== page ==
Editorial: Reach out
September is suicide prevention awareness month. There are many causes and reasons for someone to take their own life.
Living in Wilton at times feels like living in a bubble, but we are not immune to this tragic situation. A look at the police logs over the past six months, from March through August, shows officers responded to three suicide attempts. During that time, officers also responded to 21 incidents classified as “crisis intervention.” These are just the ones that were reported.
According to the Centers for Disease Control, there were 41,149 suicides in 2013 in the U.S., a rate of 12.6 per 100,000. Calculated for Wilton, that would be about two people per year. An estimated 9.3 million adults — 3.9% of the adult population — reported having suicidal thoughts. In Wilton, 3.9% of adults is nearly 500 people.
People contemplating suicide are in pain and they just want the pain to end. Talking about it won’t make them any more likely to follow through, in fact it may help more than you know.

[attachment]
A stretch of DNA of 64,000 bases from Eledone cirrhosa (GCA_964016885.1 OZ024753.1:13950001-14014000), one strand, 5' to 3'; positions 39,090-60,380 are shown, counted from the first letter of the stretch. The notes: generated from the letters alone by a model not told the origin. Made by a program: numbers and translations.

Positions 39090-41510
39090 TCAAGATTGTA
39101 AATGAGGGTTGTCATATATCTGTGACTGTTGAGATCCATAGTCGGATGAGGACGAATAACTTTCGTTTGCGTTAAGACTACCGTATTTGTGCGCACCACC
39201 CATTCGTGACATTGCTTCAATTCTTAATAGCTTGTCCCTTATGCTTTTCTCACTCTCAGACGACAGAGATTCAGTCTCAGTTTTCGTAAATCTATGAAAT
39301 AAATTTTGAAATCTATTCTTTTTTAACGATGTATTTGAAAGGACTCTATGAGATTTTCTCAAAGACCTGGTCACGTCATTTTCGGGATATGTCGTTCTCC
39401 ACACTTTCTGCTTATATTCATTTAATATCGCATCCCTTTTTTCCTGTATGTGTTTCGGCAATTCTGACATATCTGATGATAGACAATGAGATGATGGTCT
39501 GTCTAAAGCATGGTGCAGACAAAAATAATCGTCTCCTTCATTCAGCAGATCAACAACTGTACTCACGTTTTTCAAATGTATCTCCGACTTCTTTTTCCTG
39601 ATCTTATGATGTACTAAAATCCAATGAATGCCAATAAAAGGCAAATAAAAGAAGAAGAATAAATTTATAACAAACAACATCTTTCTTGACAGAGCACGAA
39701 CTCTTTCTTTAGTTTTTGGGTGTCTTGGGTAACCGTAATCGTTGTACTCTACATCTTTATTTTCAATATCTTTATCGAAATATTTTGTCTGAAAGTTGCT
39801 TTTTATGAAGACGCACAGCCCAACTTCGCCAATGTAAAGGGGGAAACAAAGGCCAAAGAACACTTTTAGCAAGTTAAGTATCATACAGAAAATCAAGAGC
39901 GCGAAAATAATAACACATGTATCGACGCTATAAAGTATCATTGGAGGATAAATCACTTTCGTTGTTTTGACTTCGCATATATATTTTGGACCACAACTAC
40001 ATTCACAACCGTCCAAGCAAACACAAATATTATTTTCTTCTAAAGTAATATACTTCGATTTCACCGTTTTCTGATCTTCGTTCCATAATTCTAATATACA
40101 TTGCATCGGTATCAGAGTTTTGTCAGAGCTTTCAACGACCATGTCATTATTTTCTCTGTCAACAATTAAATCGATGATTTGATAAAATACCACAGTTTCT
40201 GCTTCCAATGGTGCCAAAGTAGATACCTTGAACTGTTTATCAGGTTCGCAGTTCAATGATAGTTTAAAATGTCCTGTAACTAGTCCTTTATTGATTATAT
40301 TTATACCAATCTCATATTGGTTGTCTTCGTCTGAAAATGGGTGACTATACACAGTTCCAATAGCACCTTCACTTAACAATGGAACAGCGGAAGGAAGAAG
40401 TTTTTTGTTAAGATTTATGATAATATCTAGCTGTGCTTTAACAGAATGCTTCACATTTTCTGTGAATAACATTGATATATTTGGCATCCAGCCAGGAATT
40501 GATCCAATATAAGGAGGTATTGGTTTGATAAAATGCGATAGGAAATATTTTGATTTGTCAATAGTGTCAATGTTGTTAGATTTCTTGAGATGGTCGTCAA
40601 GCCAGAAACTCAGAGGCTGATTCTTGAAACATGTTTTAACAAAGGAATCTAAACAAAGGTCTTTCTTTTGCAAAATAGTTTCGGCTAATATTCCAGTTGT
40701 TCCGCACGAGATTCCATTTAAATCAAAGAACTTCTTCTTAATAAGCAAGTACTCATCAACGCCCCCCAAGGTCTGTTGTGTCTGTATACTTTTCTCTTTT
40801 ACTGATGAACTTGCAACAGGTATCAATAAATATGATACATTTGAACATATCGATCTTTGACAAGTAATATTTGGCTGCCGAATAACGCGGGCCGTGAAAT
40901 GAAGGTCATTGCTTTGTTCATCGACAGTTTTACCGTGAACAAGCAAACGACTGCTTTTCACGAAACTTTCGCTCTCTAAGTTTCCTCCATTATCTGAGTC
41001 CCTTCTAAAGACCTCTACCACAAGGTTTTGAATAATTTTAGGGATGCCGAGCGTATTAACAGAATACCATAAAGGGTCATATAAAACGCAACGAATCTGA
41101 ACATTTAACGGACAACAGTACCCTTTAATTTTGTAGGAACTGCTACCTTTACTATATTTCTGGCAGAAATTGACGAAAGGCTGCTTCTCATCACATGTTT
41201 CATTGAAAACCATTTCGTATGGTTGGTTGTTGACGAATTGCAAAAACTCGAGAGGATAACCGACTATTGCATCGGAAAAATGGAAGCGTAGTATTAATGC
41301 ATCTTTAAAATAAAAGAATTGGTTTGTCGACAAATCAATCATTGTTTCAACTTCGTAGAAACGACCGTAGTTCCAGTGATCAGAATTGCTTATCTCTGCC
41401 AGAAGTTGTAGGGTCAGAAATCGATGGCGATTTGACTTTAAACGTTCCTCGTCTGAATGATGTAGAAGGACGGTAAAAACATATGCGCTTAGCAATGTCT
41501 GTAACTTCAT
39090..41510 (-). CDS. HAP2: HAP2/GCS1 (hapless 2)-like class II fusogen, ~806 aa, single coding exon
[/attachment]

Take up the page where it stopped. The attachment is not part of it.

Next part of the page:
Truth is, we don’t communicate person to person as much as past generations. We text, we check Facebook. It’s not the same. An emoticon does not replace conversing with someone face to face, placing a hand on a shoulder or arm.
Suicide prevention starts with recognizing the warning signs and taking them seriously. Major warning signs include someone talking about killing or harming themselves, talking or writing a lot about death or dying, seeking out things that could be used in a suicide attempt such as weapons and drugs. Other signs include an indication of hopelessness, dramatic mood swings, sudden personality changes, loss of interest in day-to-day activities.
If something feels “off” in someone you love — don’t put off making time to talk or even act. Wilton Social Services offers short-term counseling. If things are really serious with an adult, the office recommends calling the Franklin S. Dubois Center at 203-358-8500 or 1-800-586-9903. Visit online at http://bit.ly/2vMk41O.
For those under 18, the Emergency Mobile Psychiatric Service can help: http://bit.ly/2gMqN57.
In a real emergency, call 911. The Wilton Police Department is one of 111 law enforcement agencies in Connecticut with officers who have received special training in crisis intervention. Among the crises they are trained to handle is suicide assessment and prevention.
This Sunday, Sept. 10, is World Suicide Prevention Day. A simple act may make an immeasurable difference.